The Supreme Court made this decision in 2013, but I bring it to your attention because it remains relevant and may have passed by some practitioners’ and companies’ radars. In brief, this case defined who could be considered a “supervisor” under Title VII of the Civil Rights Act of 1964. Under Title VII, employees have the right to be free from a hostile work environment and discrimination by reason of race, color, sex, or national origin. The law holds employers liable for direct discrimination and harassment, or as a result of negligence, i.e. turning a blind eye to abuse of an employee or ignoring a victim’s assertions. In addition, companies may be held “vicariously” liable in situations in which a supervisor’s behavior creates a hostile work environment—unless:

  1. the employer exercised reasonable care to prevent and correct the harassing behavior; and
  2. the employee unreasonably failed to take advantage of the preventative or corrective opportunities that the employer provided.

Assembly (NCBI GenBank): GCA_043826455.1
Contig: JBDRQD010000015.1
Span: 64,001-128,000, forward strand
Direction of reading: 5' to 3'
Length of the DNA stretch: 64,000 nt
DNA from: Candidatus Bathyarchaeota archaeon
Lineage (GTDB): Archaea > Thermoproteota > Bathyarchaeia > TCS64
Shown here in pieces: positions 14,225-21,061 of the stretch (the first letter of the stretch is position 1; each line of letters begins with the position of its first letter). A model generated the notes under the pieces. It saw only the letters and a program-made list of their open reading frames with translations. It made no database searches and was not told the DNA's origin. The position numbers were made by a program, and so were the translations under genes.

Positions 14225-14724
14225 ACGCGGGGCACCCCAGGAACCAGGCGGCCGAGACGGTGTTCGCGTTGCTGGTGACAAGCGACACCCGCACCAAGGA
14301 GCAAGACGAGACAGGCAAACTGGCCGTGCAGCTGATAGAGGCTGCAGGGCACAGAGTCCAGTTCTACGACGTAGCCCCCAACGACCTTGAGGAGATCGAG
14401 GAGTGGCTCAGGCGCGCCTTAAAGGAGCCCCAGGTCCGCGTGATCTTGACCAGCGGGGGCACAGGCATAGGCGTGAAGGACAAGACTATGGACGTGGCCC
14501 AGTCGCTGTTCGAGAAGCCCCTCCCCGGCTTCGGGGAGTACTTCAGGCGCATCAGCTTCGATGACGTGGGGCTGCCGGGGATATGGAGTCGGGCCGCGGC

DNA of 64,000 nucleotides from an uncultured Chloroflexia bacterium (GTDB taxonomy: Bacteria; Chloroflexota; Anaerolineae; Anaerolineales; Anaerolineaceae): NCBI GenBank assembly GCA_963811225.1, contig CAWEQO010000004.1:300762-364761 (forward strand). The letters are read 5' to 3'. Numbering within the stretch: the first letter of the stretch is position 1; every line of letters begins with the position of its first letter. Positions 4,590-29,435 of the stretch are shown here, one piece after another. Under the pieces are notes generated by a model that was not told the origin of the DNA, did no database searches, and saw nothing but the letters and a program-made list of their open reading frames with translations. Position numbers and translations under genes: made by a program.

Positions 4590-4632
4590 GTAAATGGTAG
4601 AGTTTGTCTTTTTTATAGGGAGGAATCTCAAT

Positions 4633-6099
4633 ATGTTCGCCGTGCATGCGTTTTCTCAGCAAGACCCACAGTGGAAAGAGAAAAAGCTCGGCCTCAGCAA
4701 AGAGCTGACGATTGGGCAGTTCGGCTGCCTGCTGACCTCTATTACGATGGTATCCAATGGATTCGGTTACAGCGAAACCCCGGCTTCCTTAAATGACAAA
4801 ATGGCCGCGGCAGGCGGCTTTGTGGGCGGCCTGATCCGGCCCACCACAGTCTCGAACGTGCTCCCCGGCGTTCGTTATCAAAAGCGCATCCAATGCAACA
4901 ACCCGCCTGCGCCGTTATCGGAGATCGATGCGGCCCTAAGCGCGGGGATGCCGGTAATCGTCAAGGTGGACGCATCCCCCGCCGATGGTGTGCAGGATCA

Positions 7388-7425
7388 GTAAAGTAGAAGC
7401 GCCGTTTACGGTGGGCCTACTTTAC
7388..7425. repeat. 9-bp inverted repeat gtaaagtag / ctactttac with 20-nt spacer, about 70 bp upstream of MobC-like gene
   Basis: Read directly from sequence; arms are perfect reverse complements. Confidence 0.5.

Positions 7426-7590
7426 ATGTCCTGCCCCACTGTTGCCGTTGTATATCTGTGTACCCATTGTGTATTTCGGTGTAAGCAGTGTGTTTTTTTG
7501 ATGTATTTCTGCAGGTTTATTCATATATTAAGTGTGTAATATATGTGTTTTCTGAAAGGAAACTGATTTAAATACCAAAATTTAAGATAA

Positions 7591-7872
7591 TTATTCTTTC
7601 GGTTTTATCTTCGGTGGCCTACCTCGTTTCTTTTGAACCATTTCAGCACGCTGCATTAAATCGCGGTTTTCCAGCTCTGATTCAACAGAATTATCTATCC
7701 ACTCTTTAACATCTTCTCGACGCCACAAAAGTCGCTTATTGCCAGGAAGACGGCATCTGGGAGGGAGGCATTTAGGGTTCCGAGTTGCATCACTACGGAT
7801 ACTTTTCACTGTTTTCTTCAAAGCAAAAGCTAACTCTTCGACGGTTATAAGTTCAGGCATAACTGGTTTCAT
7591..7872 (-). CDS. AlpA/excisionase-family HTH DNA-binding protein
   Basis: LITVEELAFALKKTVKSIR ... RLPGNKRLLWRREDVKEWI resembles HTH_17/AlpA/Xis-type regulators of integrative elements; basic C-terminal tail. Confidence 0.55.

In other words, these conditions deal with scenarios where an employee fails to read their employee handbook and has not brought their complaint to the proper person in charge. As you may imagine, employers wanted a stricter definition of a “supervisor.” If someone considered herself a supervisor was harassing an employee, and the victim didn’t bring up the issue, the employer would want to avoid liability for conduct it did not know occurred. The Court clarified the issue in 2013. It held that a supervisor is any employee with the authority to take “tangible employment actions against the victim employee, such as hiring, firing, failing to promote, reassigning the victim to significantly different responsibilities, or making a decision that causes a significant change in benefits.” There are practical implications to this holding: employees cannot disclaim their supervisory status by denying their authority to fire an employee and still wield the power to induce HR to take that same action. Nor can an employer funnel supervisory responsibilities to only a few employees. The onus for co-worker against co-worker abuses still falls on employers, as was true prior to this decision. Whether Congress overrides this decision remains to be seen, but employers should take care to delineate supervisory responsibilities and—as always—watch out for any signs of workplace harassment.